Perhaps the most welcome element of this lively character study is the fact that Poppy's personal problems are left that way, not extroverted into an American-friendly goal or substantial purpose. (Leigh has stated that he'd sooner stick steel pins in his eyes before dealing with Hollywood.) Poppy leaves the film very close to how she entered it but this doesn't lessen the ordeals that Leigh sets out for her. Leigh, whatever his worldview, has made peace with the fact that some people exist in absolutes. Whether his audience has is yet to be seen.

It's always sunny in Sierra Leone!



Happy-Go-Lucky

Facts and Figures

Run time: 118 mins

In Theaters: Friday 18th April 2008

Box Office USA: $3.5M

Box Office Worldwide: $18.1M

Distributed by: Miramax Films

Production compaines: Thin Man Films

Reviews

Contactmusic.com: 4 / 5

Rotten Tomatoes: 93%
Fresh: 142 Rotten: 11

IMDB: 7.0 / 10

Cast & Crew

Director:

Starring: as Poppy, Alexis Zegerman as Zoe, as Scott, as Tim, as Alice, Kate O'Flynn as Suzy, Sarah Niles as Tash, Sylvestra Le Touzel as Heather, Karina Fernandez as Rosita, Flamencolehrerin, Stanley Townsend as Stadtstreicher, Caroline Martin as Helen, as Jamie, as Ezra, as Dawn

Contactmusic


Links



Advertisement

Contactmusic 2017 Exclusive

New Movies

Fences Movie Review

Fences Movie Review

After winning Tony Awards on Broadway, Denzel Washington and Viola Davis reteam for a film...

The Lego Batman Movie Movie Review

The Lego Batman Movie Movie Review

A spin-off from 2014's awesome The Lego Movie, this raucously paced action-comedy is proof that...

The Space Between Us Movie Review

The Space Between Us Movie Review

While the premise of this movie makes it look like a sci-fi adventure, the truth...

Toni Erdmann Movie Review

Toni Erdmann Movie Review

On paper, the idea of a two-hour 40-minute German comedy may not seem very promising,...

Gold Movie Review

Gold Movie Review

Based on a true story, this lively and sometimes outrageous adventure is packed with twists...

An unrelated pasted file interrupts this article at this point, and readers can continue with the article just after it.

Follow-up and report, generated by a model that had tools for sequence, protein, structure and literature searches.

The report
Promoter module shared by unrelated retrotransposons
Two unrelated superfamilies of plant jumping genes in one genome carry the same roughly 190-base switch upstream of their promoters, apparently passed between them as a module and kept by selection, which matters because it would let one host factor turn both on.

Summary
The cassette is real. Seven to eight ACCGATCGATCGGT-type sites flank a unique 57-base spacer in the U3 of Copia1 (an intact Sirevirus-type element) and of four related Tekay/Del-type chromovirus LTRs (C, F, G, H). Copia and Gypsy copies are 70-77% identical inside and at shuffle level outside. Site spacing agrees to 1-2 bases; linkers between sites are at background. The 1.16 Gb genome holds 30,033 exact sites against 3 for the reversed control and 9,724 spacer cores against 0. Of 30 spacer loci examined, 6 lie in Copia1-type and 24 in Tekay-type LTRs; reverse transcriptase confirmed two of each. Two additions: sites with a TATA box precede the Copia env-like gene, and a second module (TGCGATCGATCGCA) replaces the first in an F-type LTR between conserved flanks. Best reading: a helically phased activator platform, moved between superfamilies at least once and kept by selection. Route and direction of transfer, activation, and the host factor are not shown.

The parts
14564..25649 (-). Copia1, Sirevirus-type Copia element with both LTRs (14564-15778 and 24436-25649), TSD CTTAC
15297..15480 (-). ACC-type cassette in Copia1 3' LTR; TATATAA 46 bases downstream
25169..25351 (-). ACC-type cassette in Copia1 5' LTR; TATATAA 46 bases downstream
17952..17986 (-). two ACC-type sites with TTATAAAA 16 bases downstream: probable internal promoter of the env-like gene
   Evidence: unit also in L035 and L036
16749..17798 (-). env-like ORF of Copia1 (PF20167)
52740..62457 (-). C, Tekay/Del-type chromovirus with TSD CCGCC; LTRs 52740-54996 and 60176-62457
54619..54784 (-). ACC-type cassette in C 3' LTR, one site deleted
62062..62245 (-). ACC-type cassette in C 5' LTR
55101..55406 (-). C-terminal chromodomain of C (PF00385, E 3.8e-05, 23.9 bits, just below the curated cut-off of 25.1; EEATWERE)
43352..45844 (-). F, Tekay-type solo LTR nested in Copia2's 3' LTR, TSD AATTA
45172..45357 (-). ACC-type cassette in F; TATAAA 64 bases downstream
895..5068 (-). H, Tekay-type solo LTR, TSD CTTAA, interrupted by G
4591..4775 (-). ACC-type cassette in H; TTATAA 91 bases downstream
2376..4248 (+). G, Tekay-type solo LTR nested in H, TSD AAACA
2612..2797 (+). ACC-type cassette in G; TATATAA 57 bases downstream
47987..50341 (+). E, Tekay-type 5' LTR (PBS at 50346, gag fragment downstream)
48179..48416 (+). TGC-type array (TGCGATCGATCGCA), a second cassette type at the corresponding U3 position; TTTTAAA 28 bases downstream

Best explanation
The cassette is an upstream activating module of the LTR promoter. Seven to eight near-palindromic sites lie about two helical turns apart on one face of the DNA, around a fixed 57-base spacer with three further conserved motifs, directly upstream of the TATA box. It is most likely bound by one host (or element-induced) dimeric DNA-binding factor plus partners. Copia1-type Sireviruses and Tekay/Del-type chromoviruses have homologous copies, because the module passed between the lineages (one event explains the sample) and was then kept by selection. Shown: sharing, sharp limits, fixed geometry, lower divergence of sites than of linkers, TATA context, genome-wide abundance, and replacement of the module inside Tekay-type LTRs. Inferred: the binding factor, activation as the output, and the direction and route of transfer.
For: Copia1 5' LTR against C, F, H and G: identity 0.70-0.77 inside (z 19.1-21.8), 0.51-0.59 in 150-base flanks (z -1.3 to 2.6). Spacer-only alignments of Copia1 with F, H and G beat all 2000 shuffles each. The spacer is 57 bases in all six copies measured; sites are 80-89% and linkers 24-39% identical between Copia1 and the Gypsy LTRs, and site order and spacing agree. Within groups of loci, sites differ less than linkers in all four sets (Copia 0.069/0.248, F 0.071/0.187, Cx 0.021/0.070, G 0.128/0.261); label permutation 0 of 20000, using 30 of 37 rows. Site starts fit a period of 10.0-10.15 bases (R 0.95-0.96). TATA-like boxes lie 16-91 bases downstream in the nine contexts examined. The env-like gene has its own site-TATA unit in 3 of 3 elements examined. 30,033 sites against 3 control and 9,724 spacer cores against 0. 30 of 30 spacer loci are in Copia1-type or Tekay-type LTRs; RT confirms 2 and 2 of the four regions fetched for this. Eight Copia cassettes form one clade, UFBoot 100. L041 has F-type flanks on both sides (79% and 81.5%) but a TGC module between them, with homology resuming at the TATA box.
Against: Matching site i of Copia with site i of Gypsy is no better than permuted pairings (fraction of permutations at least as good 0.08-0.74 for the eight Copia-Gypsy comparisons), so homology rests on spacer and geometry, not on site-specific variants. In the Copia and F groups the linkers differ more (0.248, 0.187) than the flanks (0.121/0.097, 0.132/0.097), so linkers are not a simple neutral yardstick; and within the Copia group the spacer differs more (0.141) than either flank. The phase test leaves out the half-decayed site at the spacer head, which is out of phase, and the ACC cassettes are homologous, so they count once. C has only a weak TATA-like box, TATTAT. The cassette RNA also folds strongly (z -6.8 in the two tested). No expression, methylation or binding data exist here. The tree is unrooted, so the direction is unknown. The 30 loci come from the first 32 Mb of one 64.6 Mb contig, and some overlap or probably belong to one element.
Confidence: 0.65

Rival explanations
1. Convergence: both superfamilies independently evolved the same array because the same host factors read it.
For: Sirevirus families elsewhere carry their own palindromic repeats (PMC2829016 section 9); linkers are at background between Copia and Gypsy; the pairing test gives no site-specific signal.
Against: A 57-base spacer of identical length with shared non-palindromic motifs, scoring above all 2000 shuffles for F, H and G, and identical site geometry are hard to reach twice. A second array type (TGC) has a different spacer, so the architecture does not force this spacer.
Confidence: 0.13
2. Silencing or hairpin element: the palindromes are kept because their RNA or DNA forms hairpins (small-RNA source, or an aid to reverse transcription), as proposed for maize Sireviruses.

Loving Movie Review

Loving Movie Review

While this film tackles a huge issue in the history of race relations in America,...

T2 Trainspotting Movie Review

T2 Trainspotting Movie Review

It's been 20 years since we last saw four freewheeling young junkies from Edinburgh spiral...

Advertisement
Hacksaw Ridge Movie Review

Hacksaw Ridge Movie Review

Based on an astounding true story, this battlefield drama mixes warm emotion with intense action...

Sing Movie Review

Sing Movie Review

The quality of the animation in this musical comedy may not be up to Pixar...

Jackie Movie Review

Jackie Movie Review

Rather than make a standard biopic about the most famous First Lady in American history,...

Split Movie Review

Split Movie Review

After a few badly received sci-fi blockbusters, M. Night Shyamalan returned to his earthier style...

xXx: Return of Xander Cage Movie Review

xXx: Return of Xander Cage Movie Review

It's been 15 years since Vin Diesel walked away from his XXX role, killing off...

Manchester by the Sea Movie Review

Manchester by the Sea Movie Review

This may not be the cheeriest movie of the season, but it's so skilfully written,...

Live By Night Movie Review

Live By Night Movie Review

Ben Affleck launched his directing career 10 years ago with his film of Dennis Lehane's...

Advertisement
Artists
Actors
    Filmmakers
      Artists
      Bands
        Musicians
          Artists
          Celebrities
             
              Artists
              Interviews
                musicians & bands in the news
                  actors & filmmakers in the news
                    celebrities in the news

                      Go Back in Time using our News archive to see what happened on a particular day in the past.